What if Anne Frank had had a blog? Students have stories to tell!..and you can empower your kids to do it!

That’s all the juice I have…too bad I couldn’t say more, but I suspect there will be other posts on this session. I had a great time here in Grand Rapids and am looking forward to actually reading some of the posts here!

Staggeringly Good Things Mixing Google Earth and Media

This post is being cross-posted on the MACUL Conference blog…

Hall Davidson

Joe mentioned it earlier, but Hall Davidson is very entertaining to listening to and not only that, has some great ideas.  This Google presentation sounds like one he was going to do at the 2006 NECC conference in San Diego.  Unfortunately, he couldn’t do it because there was some copyright confusion with Google.  I vaguely remember how that was soon cleared up yadda yadda yadda, but not in time for his presentation.

Google Earth is one of my favorite applications…visually it’s awesome…but besides just the satellite views, there are lots of ways to add content on top of that.

Here are Hall’s handouts.

Google Earth is a platform…one that you can add more information to…web cam, image, video, whatever.  If you’re an educator, you can get a Google Earth Pro license.  If you use it, just be aware that it is even more of a bandwidth hog than just regular old Google Earth.

Google Earth Tips

  • Type N on the keyboard to put North at the top.
  • Right-click on a placemark and choose Snapshot View to keep that same view each time you visit the placemark.

Hall highlighted the 3D overlays…there are tons of buildings, monuments, and landmarks available for anyone to use.  Same thing with Layers.  Most people probably use thse pre-made layers that are available for free.  In Google Earth, look down on the left and you’ll see them under Gallery: Discovery, National Geographic, NASA, and more…

Route
Use a route “drive” from placemark to placemark.  It kind of looks like driving along from a bird’s-eye view.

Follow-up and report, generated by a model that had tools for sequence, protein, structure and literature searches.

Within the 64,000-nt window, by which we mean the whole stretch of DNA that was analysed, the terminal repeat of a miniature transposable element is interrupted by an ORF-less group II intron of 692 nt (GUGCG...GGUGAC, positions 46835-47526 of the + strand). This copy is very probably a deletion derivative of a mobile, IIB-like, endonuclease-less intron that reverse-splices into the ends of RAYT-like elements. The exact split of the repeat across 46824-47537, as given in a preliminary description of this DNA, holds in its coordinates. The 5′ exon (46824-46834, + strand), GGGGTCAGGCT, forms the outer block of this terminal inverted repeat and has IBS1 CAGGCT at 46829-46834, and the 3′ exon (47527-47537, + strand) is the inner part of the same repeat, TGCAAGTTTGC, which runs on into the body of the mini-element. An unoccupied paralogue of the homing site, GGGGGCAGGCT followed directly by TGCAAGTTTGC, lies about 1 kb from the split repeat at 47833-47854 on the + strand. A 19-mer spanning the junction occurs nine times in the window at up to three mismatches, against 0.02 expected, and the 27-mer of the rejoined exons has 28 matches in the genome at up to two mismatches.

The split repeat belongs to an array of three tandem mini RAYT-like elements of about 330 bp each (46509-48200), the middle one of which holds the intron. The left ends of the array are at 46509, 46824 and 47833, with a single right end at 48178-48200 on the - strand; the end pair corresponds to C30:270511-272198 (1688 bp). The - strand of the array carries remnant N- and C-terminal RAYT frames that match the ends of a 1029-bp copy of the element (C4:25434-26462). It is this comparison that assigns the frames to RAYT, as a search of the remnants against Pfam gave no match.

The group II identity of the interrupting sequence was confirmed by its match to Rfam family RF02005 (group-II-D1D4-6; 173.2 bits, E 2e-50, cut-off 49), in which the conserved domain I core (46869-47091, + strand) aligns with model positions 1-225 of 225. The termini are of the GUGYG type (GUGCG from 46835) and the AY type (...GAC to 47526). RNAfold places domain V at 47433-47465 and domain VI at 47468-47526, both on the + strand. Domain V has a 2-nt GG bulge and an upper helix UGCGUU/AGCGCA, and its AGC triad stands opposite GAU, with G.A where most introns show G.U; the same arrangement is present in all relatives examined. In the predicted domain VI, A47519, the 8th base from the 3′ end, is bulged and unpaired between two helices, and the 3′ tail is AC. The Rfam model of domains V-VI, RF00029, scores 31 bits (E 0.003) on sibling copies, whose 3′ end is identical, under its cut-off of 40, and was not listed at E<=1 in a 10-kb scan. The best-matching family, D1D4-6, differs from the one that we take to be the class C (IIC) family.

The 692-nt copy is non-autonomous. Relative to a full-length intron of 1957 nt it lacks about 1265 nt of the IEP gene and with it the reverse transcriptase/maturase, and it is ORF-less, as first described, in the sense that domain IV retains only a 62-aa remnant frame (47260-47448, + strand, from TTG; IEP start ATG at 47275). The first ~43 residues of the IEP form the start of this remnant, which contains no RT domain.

Ruler
Use the ruler to measure distances from point to point, or even along a route…and you can change the units on the fly.

Image Overlay
From any image on the Internet, copy and paste its URL and paste it right on top of Google Earth.  You can change its transparency, size, rotation.  It also will lay right over terrain if the Terrain layer is turned on.

There’s so much embeddable content on the web…sites like YouTube or Flickr or whatever that give you a URL…that code can be quickly copied and pasted into Google Earth.  It’s easy to make a multimedia presentation simply by adding content on top of maps.

Last resource from Hall:  Google Lit Trips.

Hall didn’t get through nearly as many items as he may have wanted to.  Remember to check out his handout.  Also, Ben Rimes is giving an 11:30 presentation entitled, “Google Earth for Tech Savvy Educators.”  Very enjoyable!

MACUL Keynote…Mary Cullinane

This post is being cross-posted on the MACUL Conference blog…

I’m sure someone’s post, maybe Steve‘s, gives a little background about our opening speaker, so I won’t go into the details. One thing I will mention before the action starts is that these seats are sweet! They’re soft and have a springy back…it’s going to be hard not to want to sit in here all day! Plus…and here’s a conference tip…I’m sitting in the row that in the across-room aisle, which means that I can stretch out my legs.

Rather than summarizing her presentation, here are a few of her nuggets of wisdom.

At the end of the day, all we really want is more of our own ideas.

It’s difficult to be open to the ideas of others…because, more or less, we’re pretty pleased with how we think and what we know. I think this is particularly true with educators…we think we have the necessary knowledge and expertise and it’s difficult to let go of the power.

What would be different at your school if your principal was called the “Chief Learner?”

Since I do a lot of professional development I witness a lot of strange occurances. Often as I stand in front of the teachers of the building I wonder where the principal is. Aren’t they part of the learning community? A little better are the principals who are indeed participating, but let me know that they’re behind with “this technology thing.” Where have they been? As the Instructional Leader of the building is there not the expectation that they should be held to high standards?

Be comfortable not knowing.

I just did a Google search on “new things” and got 98.5 million hits. Live Search (that’s from Microsoft) returned 588 million hits. How can anyone keep up with that? The answer is that you don’t have to…you shouldn’t try…you’ll be doomed for failure.

Lastly, and it wasn’t her last point, here are some questions that Mary encouraged us as educators to ask…

What if…We understood our customers…

We were guaranteed not to fail…

We knew exactly what we wanted a learning environment to look like…

We had resources, commitment, will, and courage…

How would you answer this? What are your visions…and should they be different even though we know we may never achieve them? (I thinking especially of resources.) Anyone want to leave a comment?